A Letter from Patrick Gilman: Wind Powering America Is Now Stakeholder Engagement and Outreach

October 21, 2013

In slightly more than a decade, the wind industry has progressed from a small niche market with installations in just a handful of states to a major economic driver in the power sector, with more than 60 gigawatts of installed capacity and major installations in more than 30 states. In 1999, the U.S. Department of Energy's (DOE's) Wind Power Technology Program (now the Wind and Water Power Technologies Office) initiated Wind Powering America, an activity to help expand wind energy deployment in the United States. Thanks to technical assistance provided by the DOE Regional Offices and the national laboratory system and through the implementation of state-based Wind Working Groups in states with nascent wind development, this activity helped America to realize today's level of wind energy installed capacity.

The initiative's original focus was to introduce a technology that had become mainstream in other parts of the world to an American energy market that had little experience with wind development. Although the initiative has continuously evolved to address industry changes, the wind market of even 5 years ago is very different from the market today. As DOE looks at how to best engage in its mandate to invest in research and development efforts and innovative deployment approaches to catalyze the timely and efficient transformation of the nation's energy system, the focus of the initiative has changed from introducing a new technology to injecting accurate, fact-based information into wind deployment discussions. Instead of promoting wind energy use, the initiative is focused on becoming a source of accurate information, helping to simplify the deployment process, articulating the potential impacts and benefits of wind power, and providing improved access to high-quality wind resources through addressing potential issues around competing uses based on informed community dialog.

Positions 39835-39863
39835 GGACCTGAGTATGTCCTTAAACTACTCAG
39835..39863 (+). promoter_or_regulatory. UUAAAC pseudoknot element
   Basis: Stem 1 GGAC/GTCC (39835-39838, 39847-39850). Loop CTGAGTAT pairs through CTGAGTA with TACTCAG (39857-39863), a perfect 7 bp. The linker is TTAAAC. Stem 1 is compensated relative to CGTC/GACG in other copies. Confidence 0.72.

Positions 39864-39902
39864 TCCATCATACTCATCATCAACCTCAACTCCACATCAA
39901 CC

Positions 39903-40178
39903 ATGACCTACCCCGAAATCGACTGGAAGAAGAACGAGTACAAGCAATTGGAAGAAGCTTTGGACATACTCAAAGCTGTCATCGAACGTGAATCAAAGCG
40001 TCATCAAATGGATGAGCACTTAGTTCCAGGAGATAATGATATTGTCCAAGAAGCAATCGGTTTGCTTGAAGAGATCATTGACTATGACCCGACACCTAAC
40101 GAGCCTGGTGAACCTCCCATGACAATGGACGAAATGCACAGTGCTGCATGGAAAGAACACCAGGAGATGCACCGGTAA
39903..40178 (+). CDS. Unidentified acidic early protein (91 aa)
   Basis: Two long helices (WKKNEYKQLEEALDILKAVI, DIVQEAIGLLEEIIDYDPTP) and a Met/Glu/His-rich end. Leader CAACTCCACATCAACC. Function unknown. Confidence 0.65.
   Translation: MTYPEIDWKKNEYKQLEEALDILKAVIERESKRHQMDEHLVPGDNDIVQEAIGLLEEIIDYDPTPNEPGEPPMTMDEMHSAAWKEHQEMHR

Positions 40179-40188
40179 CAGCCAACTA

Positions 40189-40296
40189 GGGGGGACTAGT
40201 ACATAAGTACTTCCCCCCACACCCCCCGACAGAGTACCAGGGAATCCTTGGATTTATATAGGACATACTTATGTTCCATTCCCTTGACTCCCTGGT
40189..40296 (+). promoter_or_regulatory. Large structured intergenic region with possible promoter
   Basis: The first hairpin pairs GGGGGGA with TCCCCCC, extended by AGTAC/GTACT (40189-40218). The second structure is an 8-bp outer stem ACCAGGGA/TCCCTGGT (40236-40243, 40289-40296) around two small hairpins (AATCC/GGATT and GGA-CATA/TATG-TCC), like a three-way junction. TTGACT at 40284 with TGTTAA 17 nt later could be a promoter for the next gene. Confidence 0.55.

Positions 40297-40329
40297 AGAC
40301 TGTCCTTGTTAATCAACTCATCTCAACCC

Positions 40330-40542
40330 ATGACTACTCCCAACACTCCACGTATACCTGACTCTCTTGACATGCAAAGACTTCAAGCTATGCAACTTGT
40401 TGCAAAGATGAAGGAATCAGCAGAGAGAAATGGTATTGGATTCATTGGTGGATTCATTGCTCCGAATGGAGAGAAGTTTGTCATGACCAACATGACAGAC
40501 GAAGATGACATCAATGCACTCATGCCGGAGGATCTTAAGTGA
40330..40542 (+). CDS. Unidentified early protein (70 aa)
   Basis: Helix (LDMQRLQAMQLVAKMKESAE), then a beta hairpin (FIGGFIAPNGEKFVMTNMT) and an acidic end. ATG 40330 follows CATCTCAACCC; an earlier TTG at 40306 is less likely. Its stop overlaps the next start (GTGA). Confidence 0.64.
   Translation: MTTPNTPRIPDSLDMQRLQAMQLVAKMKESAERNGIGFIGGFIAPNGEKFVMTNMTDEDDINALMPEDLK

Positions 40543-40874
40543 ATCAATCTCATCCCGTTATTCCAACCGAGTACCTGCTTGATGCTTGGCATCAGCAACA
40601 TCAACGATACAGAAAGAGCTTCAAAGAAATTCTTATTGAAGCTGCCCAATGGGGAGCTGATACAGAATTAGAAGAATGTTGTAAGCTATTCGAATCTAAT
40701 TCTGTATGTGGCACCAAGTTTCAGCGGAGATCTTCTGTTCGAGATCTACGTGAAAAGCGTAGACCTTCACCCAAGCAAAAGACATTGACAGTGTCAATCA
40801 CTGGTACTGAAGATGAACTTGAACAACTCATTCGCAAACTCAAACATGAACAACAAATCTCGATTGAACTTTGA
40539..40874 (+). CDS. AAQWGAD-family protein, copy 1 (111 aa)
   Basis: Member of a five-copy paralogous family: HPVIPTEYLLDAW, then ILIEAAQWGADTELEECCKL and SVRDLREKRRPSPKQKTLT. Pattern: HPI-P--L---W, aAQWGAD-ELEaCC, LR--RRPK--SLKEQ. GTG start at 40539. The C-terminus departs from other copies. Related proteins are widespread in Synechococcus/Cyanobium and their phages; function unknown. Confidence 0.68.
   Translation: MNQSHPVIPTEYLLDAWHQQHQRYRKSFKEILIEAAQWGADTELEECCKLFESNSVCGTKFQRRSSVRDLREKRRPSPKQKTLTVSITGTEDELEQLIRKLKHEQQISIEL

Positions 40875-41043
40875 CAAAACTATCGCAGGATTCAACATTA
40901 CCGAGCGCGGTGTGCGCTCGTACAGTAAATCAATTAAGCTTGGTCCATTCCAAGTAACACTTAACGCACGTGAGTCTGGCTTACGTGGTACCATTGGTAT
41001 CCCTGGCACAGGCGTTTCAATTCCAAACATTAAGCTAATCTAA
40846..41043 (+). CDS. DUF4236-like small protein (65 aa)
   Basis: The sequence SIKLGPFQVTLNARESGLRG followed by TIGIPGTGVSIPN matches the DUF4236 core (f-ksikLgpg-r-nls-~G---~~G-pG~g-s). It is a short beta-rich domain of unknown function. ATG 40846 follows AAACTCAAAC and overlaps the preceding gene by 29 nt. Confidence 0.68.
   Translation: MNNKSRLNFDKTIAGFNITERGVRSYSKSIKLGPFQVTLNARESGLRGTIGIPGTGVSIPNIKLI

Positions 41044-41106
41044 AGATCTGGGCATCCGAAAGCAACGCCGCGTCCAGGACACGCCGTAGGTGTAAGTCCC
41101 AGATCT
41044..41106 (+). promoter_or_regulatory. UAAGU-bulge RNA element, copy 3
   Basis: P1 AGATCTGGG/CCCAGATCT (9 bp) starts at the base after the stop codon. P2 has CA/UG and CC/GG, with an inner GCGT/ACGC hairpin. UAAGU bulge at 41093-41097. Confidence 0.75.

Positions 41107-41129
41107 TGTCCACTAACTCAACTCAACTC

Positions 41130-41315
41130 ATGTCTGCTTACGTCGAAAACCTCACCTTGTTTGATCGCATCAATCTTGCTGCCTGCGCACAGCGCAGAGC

Although the initiative has been shifting in this direction for several years, its name has remained the same. A name's connotations in the minds of local, state, and national decision makers, utility representatives, and the general public cannot be underestimated. DOE no longer has the role of promoting "Powering America with Wind;" the industry has assumed that role. However, DOE understands the need for an organization to provide information about appropriate wind energy deployment. For this reason, the name of the Wind Powering America initiative will be changed. In the interim, as we move through the rebranding process, we will use the generic name "Stakeholder Engagement and Outreach."

Although the name and approaches of this initiative will change, its goal will continue to be expediting the movement of wind technology into the mainstream of the U.S. electric sector; establishing new sources of income for American farmers, Native Americans, and other rural landowners; creating new jobs; improving environmental quality; stabilizing energy prices; and meeting the growing demand for clean sources of electricity.

Please be patient as we go through this rebranding process, and help us to celebrate the beginning of a new era of DOE's involvement in the wind industry that builds on the huge success of the Wind Powering America initiative.

Patrick Gilman
Wind Energy Deployment Manager, U.S. Department of Energy